Surrounded by water with the Sea of Japan to the north and the Suo-nada Sea to the south, Yamaguchi Prefecture sits in the western corner of Japan’s Honshu island. The prefecture has much to discover from its inland architecture and nature to its coastal towns and abundance of fresh seafood. With the western point of the prefecture just a stone’s throw from Kyushu, an easy day trip to the archipelago’s southern island can be made by boat or even by foot.
Yamaguchi Prefecture has played an important role in the history of Japan which is much to do with its proximity to mainland Asia. One of the first parts of the country to be influenced by Korea and China as well as the former capital Kyoto, Yamaguchi was put on the map and even earned its title as the Kyoto of the West. Centuries later, the northern port city of Hagi found itself at the very centre of the groundbreaking Meiji industrial revolution which saw the mass development of iron and steel use as well as shipbuilding and coal mining.
Located in the centre of the prefecture is its capital Yamaguchi City as well as the city of Hofu which is known as the home of the majestic 10th century Hofu Tenman-gu Shrine. With Shin-Yamaguchi Station found along the Tokaido-Sanyo Shinkansen line, visitors can jump on a direct train from major cities including Hiroshima, Osaka, and Tokyo and arrive in this far-off destination within hours. Every July Yamaguchi City hosts the annual Gion matsuri, a traditional dance-heavy festival inspired by Kyoto’s Gion festival.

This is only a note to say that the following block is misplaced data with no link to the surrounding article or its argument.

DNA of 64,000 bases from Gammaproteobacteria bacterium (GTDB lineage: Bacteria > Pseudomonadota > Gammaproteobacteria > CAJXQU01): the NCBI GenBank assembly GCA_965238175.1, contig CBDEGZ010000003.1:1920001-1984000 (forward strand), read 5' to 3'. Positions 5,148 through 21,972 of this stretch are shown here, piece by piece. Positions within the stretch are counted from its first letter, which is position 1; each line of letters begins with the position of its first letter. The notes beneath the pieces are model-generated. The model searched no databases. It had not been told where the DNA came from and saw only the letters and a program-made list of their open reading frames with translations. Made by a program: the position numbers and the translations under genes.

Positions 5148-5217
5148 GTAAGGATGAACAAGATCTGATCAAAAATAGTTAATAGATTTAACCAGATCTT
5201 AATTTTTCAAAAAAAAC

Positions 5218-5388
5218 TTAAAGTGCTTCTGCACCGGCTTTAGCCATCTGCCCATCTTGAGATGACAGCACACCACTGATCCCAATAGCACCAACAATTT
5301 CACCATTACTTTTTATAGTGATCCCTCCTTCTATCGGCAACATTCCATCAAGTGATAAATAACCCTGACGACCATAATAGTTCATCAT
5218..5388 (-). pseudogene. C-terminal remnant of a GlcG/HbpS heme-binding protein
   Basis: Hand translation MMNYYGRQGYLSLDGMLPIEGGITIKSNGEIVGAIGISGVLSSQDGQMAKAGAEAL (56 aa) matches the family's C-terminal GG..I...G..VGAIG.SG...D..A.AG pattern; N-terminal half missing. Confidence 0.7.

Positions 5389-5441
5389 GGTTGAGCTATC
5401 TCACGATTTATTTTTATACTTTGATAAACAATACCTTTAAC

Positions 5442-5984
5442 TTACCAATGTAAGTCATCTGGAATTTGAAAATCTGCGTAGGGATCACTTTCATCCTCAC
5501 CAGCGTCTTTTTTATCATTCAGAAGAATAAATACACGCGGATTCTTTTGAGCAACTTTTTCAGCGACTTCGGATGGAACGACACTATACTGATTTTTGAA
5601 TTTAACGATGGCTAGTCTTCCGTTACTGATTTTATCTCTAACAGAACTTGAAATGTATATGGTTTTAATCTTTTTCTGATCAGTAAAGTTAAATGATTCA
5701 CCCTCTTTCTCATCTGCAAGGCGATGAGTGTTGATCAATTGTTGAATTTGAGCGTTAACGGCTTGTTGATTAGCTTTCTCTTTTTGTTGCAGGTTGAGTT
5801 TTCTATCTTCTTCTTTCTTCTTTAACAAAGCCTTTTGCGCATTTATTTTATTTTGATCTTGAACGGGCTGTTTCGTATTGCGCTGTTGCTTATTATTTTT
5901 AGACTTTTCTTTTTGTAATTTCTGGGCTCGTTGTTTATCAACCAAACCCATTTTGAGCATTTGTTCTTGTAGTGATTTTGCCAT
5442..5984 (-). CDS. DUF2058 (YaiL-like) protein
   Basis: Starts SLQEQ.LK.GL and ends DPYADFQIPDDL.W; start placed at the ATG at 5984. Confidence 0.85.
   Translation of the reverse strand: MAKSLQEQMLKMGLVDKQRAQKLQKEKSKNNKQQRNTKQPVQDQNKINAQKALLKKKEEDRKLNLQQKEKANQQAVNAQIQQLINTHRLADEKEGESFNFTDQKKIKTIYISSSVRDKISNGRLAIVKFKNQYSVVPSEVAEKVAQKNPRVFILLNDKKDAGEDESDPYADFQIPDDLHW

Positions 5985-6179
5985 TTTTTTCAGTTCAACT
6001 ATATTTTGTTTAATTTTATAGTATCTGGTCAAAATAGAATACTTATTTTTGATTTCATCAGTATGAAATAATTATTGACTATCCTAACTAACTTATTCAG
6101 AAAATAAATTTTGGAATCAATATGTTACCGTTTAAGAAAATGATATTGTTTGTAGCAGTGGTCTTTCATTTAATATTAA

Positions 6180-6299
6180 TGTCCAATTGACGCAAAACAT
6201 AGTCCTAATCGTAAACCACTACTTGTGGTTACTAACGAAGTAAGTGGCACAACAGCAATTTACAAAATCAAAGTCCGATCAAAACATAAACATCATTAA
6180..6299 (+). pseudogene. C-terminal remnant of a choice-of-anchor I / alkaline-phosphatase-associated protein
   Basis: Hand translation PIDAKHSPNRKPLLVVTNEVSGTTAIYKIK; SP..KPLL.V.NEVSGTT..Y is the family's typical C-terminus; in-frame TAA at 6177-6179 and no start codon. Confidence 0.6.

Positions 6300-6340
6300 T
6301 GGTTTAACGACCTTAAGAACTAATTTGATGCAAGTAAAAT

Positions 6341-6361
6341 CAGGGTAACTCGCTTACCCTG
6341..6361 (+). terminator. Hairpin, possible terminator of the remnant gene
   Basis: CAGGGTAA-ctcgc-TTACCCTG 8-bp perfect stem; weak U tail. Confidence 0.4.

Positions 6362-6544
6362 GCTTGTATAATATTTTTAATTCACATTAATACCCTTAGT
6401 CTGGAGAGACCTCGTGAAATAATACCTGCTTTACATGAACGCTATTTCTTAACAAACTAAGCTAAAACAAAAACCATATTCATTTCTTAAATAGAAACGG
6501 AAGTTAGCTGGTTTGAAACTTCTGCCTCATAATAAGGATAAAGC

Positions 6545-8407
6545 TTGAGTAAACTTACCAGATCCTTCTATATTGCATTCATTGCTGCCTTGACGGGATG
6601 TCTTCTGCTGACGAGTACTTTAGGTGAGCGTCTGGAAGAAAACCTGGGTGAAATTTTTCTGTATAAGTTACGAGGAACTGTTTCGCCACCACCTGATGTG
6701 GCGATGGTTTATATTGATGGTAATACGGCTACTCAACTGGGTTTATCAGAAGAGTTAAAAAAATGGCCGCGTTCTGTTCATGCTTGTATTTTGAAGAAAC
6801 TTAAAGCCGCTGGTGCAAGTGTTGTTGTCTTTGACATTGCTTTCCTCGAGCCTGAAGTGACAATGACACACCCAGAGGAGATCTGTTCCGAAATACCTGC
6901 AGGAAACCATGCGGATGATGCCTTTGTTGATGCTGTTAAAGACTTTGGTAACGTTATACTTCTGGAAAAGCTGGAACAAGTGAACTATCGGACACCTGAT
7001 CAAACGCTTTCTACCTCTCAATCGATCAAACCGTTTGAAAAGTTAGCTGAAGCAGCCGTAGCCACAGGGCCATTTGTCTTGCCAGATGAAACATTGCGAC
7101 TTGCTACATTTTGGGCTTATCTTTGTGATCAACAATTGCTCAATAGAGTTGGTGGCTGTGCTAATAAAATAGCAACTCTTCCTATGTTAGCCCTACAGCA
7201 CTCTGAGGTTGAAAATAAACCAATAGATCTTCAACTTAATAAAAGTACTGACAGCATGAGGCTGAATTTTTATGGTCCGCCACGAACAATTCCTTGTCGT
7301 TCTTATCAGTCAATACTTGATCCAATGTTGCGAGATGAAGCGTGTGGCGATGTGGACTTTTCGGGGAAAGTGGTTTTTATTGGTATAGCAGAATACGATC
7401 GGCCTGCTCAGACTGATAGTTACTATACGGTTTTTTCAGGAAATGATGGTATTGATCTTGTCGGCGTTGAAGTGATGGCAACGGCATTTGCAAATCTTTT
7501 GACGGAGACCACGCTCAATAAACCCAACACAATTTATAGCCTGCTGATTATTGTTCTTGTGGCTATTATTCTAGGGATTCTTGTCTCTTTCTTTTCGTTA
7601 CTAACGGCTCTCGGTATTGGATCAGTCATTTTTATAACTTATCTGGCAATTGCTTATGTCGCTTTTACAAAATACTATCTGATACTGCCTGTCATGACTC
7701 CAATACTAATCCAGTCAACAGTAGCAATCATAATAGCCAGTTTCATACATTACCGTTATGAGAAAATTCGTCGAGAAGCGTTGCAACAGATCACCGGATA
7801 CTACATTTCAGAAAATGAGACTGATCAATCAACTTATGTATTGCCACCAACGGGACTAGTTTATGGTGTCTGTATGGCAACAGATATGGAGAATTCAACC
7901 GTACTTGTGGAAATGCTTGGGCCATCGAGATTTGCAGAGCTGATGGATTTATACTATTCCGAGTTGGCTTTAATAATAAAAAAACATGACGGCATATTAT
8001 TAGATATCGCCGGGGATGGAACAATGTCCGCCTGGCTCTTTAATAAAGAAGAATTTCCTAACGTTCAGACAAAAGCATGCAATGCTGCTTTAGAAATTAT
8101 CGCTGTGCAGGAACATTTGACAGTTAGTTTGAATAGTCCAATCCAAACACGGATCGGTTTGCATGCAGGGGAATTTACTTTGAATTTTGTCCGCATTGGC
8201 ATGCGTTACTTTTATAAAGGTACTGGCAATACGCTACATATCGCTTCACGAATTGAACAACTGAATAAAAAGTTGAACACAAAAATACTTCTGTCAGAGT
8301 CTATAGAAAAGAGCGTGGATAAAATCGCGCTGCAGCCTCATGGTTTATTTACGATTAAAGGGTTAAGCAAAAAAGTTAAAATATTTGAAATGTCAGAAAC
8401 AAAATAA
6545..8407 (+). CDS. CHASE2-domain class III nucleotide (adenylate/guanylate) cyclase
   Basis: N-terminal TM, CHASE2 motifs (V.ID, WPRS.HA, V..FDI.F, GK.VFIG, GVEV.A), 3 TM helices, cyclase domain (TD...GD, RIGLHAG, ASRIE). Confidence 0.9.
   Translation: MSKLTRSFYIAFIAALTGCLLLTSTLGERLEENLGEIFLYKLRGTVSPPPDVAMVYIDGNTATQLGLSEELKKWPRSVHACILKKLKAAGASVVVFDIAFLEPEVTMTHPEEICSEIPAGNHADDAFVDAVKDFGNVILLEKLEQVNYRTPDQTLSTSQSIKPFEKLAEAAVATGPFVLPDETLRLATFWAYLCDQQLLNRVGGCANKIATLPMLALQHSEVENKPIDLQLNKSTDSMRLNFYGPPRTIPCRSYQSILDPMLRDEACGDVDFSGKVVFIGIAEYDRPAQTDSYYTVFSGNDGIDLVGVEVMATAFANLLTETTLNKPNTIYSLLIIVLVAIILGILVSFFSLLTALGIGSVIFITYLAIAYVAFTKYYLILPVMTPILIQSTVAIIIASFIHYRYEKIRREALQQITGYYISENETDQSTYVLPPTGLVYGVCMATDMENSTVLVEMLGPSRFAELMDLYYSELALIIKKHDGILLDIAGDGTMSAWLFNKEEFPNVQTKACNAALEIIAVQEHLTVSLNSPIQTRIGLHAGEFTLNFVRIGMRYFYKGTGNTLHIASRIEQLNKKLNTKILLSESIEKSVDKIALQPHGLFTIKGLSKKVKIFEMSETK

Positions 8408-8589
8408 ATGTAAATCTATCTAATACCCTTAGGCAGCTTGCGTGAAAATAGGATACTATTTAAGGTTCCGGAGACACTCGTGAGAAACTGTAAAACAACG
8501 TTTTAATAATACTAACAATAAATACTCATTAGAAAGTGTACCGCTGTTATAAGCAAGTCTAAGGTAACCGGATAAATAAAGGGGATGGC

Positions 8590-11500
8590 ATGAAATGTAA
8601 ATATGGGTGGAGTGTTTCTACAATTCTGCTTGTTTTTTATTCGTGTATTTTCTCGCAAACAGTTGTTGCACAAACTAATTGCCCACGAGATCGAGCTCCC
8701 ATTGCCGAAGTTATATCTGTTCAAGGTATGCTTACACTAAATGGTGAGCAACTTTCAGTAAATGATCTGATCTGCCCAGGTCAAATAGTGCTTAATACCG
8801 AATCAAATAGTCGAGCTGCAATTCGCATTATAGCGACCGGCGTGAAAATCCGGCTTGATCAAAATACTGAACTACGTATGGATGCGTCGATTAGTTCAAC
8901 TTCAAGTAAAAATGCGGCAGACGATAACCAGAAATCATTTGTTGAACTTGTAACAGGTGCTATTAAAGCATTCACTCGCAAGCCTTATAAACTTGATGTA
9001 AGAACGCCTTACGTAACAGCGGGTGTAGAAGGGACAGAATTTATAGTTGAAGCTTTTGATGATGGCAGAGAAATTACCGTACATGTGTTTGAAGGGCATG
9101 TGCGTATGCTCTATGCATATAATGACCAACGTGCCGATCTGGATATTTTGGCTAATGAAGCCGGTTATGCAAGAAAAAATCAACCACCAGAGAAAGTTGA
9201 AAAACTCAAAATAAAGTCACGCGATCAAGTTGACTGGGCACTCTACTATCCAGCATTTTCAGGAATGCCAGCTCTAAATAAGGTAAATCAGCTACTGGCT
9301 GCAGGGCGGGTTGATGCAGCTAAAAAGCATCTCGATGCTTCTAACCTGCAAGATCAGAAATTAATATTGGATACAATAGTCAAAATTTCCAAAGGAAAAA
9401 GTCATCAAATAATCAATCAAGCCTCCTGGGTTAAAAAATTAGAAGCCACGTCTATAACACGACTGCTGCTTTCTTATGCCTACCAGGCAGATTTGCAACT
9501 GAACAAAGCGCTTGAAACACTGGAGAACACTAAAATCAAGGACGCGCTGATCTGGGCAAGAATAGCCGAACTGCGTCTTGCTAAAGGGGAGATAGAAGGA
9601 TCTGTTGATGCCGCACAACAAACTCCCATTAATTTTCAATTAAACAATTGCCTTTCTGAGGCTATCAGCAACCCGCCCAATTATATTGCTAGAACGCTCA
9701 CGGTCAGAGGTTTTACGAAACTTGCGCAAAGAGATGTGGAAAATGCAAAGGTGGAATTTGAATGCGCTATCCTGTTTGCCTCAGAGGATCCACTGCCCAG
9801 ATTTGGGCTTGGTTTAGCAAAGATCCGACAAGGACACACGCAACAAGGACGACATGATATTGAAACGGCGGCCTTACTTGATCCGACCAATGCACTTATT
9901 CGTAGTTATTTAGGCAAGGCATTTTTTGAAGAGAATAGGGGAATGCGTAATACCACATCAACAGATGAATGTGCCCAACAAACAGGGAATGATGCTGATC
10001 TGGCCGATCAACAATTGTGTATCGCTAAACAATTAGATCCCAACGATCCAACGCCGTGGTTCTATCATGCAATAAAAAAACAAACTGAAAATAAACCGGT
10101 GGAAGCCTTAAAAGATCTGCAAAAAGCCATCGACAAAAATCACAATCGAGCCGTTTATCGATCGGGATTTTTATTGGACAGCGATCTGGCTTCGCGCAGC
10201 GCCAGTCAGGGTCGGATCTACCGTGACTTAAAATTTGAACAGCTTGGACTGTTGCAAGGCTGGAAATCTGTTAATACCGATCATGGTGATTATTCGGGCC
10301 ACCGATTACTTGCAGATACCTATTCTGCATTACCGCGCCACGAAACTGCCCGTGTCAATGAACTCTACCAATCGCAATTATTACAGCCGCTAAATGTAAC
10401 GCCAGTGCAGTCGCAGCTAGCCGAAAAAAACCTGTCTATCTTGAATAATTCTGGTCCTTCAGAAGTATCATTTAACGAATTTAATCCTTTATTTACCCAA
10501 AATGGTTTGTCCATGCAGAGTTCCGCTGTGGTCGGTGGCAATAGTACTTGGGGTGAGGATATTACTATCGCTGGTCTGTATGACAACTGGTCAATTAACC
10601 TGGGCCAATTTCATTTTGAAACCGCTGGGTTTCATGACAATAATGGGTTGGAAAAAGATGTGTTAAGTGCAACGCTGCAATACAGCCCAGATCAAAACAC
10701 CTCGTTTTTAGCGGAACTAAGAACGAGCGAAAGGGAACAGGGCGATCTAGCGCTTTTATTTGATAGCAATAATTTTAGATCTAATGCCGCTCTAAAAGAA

Bordering Hiroshima Prefecture, Yamaguchi’s eastern cities include Iwakuni, Yanai, and Shunan. While Iwakuni’s old wooden arched Kintai Bridge is the most iconic of this area’s sites, there are quaint streets, temples, and festivals aplenty spread out around the region. The northern part of the prefecture is home to Hagi and Nagato which look onto the Sea of Japan while the western side is made up of Shimonoseki, Ube, and Akiyoshi-dai Plateau which is one for nature lovers with its expansive walking trails dotted with fascinating rock formations and limestone caves.
The regional cuisine of Yamaguchi is without doubt one of its selling points mainly thanks to its access to the ocean from all sides. The prefecture’s largest city Shimonoseki is reputed for its speciality seafood dish: puffer fish. Known as fugu in Japanese, this rare find may be a little pricey but is guaranteed to be prepared by professional seafood chefs who have gone through special training for making the fish tasty without poisoning its consumers.
Yamaguchi Prefecture Overview
NAVITIME TRAVEL EDITOR